Therefore, the burden is upon the party challenging the constitutionality of the statute to demonstrate clearly that it violates a constitutional provision. Newark Superior Officers Association v. City of Newark, 98 N.J. 212, 222 (1985).
Defendants contend that the statute violates the Equal Protection Clause in that it unconstitutionally affects their right to live where they please. Federal equal protection analysis traditionally involves different tiers or levels of review. Greenberg v. Kimmelman, 99 N.J. 552, 564 (1985). If a fundamental right or suspect class is involved, the legislative classification is subject to strict scrutiny. To justify the restriction, a state must establish that a compelling state interest supports the classification and that no less restrictive alternative is available. Ibid. With other rights, however, the legislative classification need only be rationally related to a legitimate interest. The standard of review varies, furthermore, with the effect of the governmental regulation upon the affected right. When the effect on a right, even a right that is fundamental, is indirect or insubstantial, the court has applied the rational basis test and upheld a legislative classification. Id. at 565.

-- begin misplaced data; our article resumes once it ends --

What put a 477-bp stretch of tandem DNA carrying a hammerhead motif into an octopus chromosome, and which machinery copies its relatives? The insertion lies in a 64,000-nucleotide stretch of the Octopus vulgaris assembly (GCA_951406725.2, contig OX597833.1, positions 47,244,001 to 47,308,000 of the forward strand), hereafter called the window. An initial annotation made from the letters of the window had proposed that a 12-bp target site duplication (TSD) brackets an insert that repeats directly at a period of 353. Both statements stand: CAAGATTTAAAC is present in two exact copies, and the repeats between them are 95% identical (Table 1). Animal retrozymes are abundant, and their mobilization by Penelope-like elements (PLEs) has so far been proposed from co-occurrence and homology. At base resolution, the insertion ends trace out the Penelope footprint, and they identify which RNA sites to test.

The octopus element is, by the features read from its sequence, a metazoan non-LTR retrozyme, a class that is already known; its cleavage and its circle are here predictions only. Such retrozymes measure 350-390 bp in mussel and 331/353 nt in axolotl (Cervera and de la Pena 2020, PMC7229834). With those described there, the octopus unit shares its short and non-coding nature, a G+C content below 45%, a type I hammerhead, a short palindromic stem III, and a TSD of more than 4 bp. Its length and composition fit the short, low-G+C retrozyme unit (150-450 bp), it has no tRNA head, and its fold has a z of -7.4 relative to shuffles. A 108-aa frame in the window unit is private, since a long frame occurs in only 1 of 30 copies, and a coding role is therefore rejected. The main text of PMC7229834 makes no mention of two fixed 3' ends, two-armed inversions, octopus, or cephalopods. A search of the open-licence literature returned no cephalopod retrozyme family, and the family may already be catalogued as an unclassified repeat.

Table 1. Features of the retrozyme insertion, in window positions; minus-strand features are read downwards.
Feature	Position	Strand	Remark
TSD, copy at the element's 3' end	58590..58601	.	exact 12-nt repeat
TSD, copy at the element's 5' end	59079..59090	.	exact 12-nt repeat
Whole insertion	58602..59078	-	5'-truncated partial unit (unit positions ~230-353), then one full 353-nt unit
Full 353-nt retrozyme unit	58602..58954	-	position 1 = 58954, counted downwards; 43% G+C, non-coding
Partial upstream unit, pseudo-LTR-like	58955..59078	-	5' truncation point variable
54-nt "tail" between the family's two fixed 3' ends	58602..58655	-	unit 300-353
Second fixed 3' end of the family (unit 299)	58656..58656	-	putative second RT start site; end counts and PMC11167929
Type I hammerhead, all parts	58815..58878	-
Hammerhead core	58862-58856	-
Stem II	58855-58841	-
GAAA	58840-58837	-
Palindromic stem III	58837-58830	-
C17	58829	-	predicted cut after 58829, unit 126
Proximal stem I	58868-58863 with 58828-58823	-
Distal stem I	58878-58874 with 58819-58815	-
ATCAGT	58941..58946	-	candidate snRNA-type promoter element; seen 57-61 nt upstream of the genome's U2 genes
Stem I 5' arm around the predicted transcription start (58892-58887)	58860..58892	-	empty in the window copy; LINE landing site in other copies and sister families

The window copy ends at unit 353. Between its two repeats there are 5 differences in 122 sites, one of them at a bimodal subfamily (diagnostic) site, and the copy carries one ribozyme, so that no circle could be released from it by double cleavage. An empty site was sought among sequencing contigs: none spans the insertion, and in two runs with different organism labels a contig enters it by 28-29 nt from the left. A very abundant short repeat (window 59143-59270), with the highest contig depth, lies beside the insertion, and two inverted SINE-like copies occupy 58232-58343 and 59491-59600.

I am satisfied that even if the right sought by defendant to be protected is considered to be a fundamental right the effect of the legislation on that right is indirect or insubstantial and I, therefore, conclude that the "rational basis" test should be applied. There is no constitutionally protected right to distribute controlled dangerous substances or to possess controlled dangerous substances with the intent to distribute. Any effect this statute has on one's right to freely choose a residence is most indirect and most insubstantial.
The Comprehensive Drug Reform Act of 1987, N.J.S.A. 2C:35-1 et seq. was enacted as a result of the concern of the Legislature for the crisis affecting this state by virtue of the
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widespread abuse of controlled dangerous substances. In fact, the Legislature expressly set forth its purpose as follows: